General President Hoffa was not happy about this, especially as he was up for re-election last fall, with Hall on his slate, against Louisville leader Fred Zuckerman. Hoffa won, but by an uncomfortably close 102,401 to 96,377 margin. And the union now was locked in battle with diGenova. On November 3, the IBT filed papers in federal court accusing diGenova of launching a “nuclear missile” in a “surprise attack” that “interferes with the ongoing election.” IBT spokesman Bret Caldwell called the charges “baseless, without merit and politically motivated,” adding that diGenova privately had admitted that the dispute revolved around 50 emails that could be resolved through discussions. But the accusations were hard to dismiss when U.S. Attorney Preet Bharara got into the act. Early in November, Bharara, who in 2014 publicly had opposed releasing the union from its 1989 consent decree (“corrupt…practices persist at all levels”), filed charges based on the diGenova letter. He asked Judge Preska to order the IBT to turn over 17,334 emails and documents allegedly withheld by Hall and other top Teamster officials. Apparently, that was on the low side. On December 27, 2016 Judge Preska ordered Hoffa and his aides to hand over more than 32,000 documents.
Much of the focus is on Rome Aloise, whose case NLPC covered last March. The IRB the month before had charged Aloise with racketeering and violating member rights, among other abuses of power. Yet even while this going on, Hoffa and Hall nominated him for another five-year term as an IBT vice president. Aloise is set for a hearing before Independent Review Officer Barbara Jones on March 14. And Hoffa executive assistant Willie Smith has a corruption hearing before Jones scheduled for March 21. Hall, however, appears off the hook. In a February 17 letter to Bradley Raymond, Teamster general counsel, diGenova indicated that, based on a letter and accompanying sworn declarations from Raymond ten days earlier, Hall did not obstruct justice. DiGenova wrote:
Based on the representations in your letter, and the affidavits of counsel executed under penalty of perjury, I am persuaded that Mr. Hall did not play a personal role in the International Brotherhood of Teamsters’ (“IBT”) noncompliance with my March 4 and 11, 2016 document requests. In particular, I accept your representation that Mr. Hall “did not participate in the IBT’s legal strategy, did not review any documents, and did not decide whether to withhold any documents or categories of documents.” Accordingly, I am withdrawing my October 31, 2016 recommendation of charges against Mr. Hall.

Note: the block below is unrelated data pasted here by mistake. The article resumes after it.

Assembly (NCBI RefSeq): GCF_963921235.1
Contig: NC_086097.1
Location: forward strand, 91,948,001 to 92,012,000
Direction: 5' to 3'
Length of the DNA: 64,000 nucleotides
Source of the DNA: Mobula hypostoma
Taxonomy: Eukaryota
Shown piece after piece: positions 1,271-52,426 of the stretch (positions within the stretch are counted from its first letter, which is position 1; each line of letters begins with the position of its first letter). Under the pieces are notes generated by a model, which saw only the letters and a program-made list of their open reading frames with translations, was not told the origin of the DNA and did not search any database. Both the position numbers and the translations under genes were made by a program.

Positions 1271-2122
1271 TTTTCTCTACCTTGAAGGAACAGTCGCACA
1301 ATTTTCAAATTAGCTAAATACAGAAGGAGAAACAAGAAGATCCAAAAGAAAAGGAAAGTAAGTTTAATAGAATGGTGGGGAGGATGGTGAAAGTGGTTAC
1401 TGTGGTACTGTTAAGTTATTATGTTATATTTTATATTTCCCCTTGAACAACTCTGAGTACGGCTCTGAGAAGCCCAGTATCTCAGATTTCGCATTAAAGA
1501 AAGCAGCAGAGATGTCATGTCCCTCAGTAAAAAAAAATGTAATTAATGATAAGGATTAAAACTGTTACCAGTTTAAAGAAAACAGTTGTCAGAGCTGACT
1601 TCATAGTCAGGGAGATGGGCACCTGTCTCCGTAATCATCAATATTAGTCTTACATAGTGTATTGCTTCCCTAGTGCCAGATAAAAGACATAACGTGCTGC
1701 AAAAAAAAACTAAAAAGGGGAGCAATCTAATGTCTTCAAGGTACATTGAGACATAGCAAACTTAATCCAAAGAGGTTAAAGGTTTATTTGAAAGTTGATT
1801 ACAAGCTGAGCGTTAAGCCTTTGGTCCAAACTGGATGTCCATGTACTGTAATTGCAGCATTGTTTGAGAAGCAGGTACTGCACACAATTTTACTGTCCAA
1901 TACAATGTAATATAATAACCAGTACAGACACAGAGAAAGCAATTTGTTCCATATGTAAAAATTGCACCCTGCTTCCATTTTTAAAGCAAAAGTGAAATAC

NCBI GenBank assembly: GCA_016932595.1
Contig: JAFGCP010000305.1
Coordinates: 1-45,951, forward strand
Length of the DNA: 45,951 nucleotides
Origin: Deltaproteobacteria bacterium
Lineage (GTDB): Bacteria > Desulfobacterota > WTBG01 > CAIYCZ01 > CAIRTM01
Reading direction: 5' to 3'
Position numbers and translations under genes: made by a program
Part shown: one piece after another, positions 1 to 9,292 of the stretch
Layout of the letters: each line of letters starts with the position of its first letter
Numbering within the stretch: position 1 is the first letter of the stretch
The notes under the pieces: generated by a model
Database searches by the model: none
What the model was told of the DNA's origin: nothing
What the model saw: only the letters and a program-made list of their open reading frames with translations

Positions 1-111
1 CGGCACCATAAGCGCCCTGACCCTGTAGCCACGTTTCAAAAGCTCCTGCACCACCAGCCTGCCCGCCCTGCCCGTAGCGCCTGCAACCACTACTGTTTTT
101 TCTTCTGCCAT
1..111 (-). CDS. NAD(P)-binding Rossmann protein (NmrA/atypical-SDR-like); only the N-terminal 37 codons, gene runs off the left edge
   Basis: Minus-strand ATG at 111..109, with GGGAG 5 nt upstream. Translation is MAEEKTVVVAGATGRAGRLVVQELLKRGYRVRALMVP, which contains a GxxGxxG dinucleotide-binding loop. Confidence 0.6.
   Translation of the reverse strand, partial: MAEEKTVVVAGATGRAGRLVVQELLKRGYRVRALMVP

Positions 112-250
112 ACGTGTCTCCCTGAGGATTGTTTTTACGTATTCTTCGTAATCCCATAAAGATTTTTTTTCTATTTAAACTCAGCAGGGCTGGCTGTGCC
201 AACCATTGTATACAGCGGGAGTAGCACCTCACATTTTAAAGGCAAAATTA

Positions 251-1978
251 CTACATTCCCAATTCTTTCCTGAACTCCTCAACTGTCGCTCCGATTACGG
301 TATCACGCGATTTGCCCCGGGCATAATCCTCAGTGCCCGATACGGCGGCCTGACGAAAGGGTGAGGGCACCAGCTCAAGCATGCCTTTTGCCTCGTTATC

But the withdrawal, di Genova emphasized, was not carte blanche:
…(A)s a condition of my withdrawal of the charges against Mr. Hall, the Union agrees to designate an individual officer at the IBT personally responsible for ensuring document requests of the Independent Disciplinary Officers (“IDOs”) for International Union records under the Final Agreement and Order are fully complied with. As you know, the General President and General Secretary-Treasurer are responsible under federal law for maintaining and ensuring there are records to support the IBT’s Forms LM-2 filed with the Department of Labor…Therefore, it is consistent with their existing legal obligations that one of them…should be responsible for fulfilling the IDOs’ requests. The Union must identify to the IDOs which one of the two aforementioned officers will be responsible on an ongoing basis. If the Union fails to do so promptly, whomever of the two officers the IDOs designate on a document request will be held responsible for complying with the Union’s and his obligations under the Final Agreement to make the required records available.
A dissenting anti-Hoffa group within the IBT, Teamsters for a Democratic Union (TDU), thinks the Hall settlement leaves unanswered questions. TDU posted the following message on its website on February 21:
The fact remains that the Hoffa-Hall administration spent millions of dollars in members’ dues money to stonewall corruption investigators until after the election. If Hall did not play a personal role in the obstruction, then who did? Are members supposed to believe that General President Hoffa was out of the loop, too – and that the decision to obstruct corruption investigators for over six months was made by rogue lawyers with no input from Hoffa or Hall? Didn’t Hoffa and Hall sign the checks to pay the high-dollar attorneys they hired to pursue the obstruction?
These questions may well come up in the Independent Review Board hearings of Rome Aloise and Willie Smith. If they do, Hoffa and other top Teamster officials might not like the answers.